A New York trial court recently denied defendants’ motion to compel plaintiff’s radiologist to produce Diffusion Tensor Imaging (DTI) control group data.

In Siracusa v. City Ice Pavilion, LLC, the plaintiff was injured while participating in an ALS Ice Bucket Challenge, held at a hockey rink owned and operated by the defendant. Plaintiff sustained a traumatic brain injury (TBI), allegedly at the fault of the defendant. Plaintiff underwent an MRI-DTI which was analyzed by Dr. Michael Lipton. Dr. Lipton’s DTI analysis lead to the conclusion that the plaintiff has abnormally low FA levels, which is consistent with traumatic axonal injury, although also consistent with other non-traumatic causes.

Continue Reading New York Court Upholds Validity of DTI

According to the Chronic Effects of Neurotrauma Consortium (CENC), nearly 20 percent of the 2.5 million service members and veterans who deployed to Iraq and Afghanistan sustained at least one mild traumatic brain injury (mild TBI).

A U.S. Department of Veterans Affairs/Department of Defense study aims to track mild TBI (mTBI) over a decades-long period. The federally-funded study is enrolling service members and veterans who fought in Iraq or Afghanistan. Researchers hope to follow participants for 20 years or more to better understand the long-term neurologic effects of mild TBI and other deployment-related conditions.

Continue Reading VA Study to Follow Mild TBI Patients for Decades

Traumatic brain injury (“TBI”) is considered the main cause of hypopituitarism in adults and growth hormone (“GH”) deficiency is the most common pituitary deficit associated with TBI.

According to Cedars-Sinai, even after we stop growing, adults need growth hormone. Growth hormone plays a role in healthy muscle, how our bodies collect fat (especially around the stomach area), the ratio of high density to low density lipoproteins in cholesterol levels, and bone density. In addition, growth hormone is needed for normal brain function.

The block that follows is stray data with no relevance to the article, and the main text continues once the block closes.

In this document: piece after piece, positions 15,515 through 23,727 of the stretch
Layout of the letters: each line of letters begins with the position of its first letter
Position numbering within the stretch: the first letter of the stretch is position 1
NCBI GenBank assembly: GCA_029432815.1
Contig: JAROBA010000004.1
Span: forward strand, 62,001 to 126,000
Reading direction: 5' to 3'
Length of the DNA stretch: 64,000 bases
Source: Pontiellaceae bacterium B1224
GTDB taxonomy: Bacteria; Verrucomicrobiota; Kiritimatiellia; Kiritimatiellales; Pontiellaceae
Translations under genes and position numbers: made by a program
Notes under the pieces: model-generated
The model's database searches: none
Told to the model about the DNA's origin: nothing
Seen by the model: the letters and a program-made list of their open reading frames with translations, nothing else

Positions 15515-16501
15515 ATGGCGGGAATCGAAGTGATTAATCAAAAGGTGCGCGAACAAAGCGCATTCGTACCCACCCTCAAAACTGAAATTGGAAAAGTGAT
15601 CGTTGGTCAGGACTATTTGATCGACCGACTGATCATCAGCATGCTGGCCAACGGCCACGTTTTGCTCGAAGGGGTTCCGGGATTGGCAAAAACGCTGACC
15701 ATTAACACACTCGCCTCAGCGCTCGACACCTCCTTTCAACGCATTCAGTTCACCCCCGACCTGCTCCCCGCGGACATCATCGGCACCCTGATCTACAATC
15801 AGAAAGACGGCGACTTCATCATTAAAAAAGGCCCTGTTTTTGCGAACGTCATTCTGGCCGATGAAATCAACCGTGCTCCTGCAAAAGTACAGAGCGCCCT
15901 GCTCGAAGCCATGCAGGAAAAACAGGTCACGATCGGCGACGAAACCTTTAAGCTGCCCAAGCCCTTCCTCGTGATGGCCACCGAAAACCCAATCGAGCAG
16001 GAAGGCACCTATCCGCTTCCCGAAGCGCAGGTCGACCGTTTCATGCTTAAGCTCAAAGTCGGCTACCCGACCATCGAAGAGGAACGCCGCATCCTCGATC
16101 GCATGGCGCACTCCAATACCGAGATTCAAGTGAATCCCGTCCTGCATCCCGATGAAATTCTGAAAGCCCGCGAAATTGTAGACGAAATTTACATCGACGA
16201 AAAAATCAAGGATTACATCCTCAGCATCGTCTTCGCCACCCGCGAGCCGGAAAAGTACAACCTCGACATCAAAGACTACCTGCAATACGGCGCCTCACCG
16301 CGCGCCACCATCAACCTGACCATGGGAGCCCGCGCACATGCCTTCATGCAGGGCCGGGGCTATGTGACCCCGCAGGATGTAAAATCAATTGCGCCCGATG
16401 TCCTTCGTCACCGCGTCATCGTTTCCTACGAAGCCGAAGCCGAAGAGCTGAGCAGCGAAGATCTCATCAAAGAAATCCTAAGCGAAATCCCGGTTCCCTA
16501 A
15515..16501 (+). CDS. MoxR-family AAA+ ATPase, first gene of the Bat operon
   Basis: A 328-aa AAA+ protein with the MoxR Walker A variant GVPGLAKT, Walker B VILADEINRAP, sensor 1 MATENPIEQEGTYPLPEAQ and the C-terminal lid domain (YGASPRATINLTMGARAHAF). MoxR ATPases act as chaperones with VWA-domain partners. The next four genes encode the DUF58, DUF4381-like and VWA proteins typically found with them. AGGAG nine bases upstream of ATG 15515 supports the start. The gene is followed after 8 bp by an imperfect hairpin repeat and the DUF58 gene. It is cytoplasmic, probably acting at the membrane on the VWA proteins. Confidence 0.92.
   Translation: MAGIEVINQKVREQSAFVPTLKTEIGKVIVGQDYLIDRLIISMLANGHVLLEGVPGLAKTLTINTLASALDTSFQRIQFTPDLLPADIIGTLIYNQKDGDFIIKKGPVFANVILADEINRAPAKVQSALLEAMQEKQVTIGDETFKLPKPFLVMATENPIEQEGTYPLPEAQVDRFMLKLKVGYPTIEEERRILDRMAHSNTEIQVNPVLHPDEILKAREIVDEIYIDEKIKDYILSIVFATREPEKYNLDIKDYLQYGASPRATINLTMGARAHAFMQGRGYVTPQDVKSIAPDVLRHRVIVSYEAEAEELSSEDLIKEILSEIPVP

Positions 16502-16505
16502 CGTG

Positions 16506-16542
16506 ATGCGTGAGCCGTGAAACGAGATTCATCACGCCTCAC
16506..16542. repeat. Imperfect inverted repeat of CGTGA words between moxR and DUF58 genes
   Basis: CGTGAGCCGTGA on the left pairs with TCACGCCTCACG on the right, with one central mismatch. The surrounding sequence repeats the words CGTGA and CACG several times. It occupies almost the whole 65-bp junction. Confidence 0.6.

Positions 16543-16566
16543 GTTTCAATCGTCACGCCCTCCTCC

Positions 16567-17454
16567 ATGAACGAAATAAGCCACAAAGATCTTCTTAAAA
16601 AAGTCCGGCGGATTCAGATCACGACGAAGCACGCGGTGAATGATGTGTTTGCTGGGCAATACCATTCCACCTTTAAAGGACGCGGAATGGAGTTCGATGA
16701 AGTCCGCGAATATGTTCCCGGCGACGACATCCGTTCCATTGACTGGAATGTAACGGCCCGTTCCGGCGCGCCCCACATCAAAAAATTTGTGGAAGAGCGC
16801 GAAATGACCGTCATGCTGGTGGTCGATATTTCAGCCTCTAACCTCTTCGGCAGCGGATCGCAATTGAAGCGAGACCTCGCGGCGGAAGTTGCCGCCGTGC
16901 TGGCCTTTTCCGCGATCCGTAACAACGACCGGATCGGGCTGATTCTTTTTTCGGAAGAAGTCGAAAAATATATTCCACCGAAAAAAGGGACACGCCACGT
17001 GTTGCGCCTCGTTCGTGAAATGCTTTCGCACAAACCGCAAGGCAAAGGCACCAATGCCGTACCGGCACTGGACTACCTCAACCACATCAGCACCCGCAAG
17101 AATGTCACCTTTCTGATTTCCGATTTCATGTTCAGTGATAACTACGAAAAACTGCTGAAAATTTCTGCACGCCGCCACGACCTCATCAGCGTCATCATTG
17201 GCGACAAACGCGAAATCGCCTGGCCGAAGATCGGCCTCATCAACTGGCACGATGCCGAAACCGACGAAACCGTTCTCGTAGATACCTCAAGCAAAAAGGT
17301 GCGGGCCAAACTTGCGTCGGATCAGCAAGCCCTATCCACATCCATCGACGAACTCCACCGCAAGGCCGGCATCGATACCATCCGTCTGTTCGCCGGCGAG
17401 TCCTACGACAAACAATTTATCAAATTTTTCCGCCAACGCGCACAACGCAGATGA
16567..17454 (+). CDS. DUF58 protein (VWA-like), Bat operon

Continue Reading Growth Hormone Deficiency Following Complicated Mild Traumatic Brain Injury

The construction industry has the greatest number of traumatic brain injuries (TBIs) among U.S. workplaces, according to a recent study conducted by researchers from the National Institute for Occupational Safety and Health (NIOSH).

The American Journal of Preventive Medicine (AJPM) reports that the data show that 2210 occupational TBI deaths occurred between 2003 and 2010. Continue Reading TBI Injuries on Construction Sites

A Connecticut trial court has upheld the use of diffusion tensor imagining (DTI), denying the defendants’ in limine motion to bar its introduction. In Vizzo v. Fairfield Bedfort, LLC, plaintiff retained Randall Benson, M.D.,  a behavioral neurologist, to conduct a behavioral neurological evaluation, to administer and interpret a DTI of the plaintiff and correlate  it with clinical findings.

Continue Reading Connecticut Court Upholds Admissibility of DTI

At the annual meeting of the Association of Academic Physiatrists, Brad Kurowski, MD, MS, a physician in the division of Physical Medicine and Rehabilitation at Cincinnati Children’ Hospital presented his research on the long term effects of TBI among children.

Continue Reading Study Finds Long Term Effect of Mild Traumatic Brain Injury in Children Seven Years Post Injury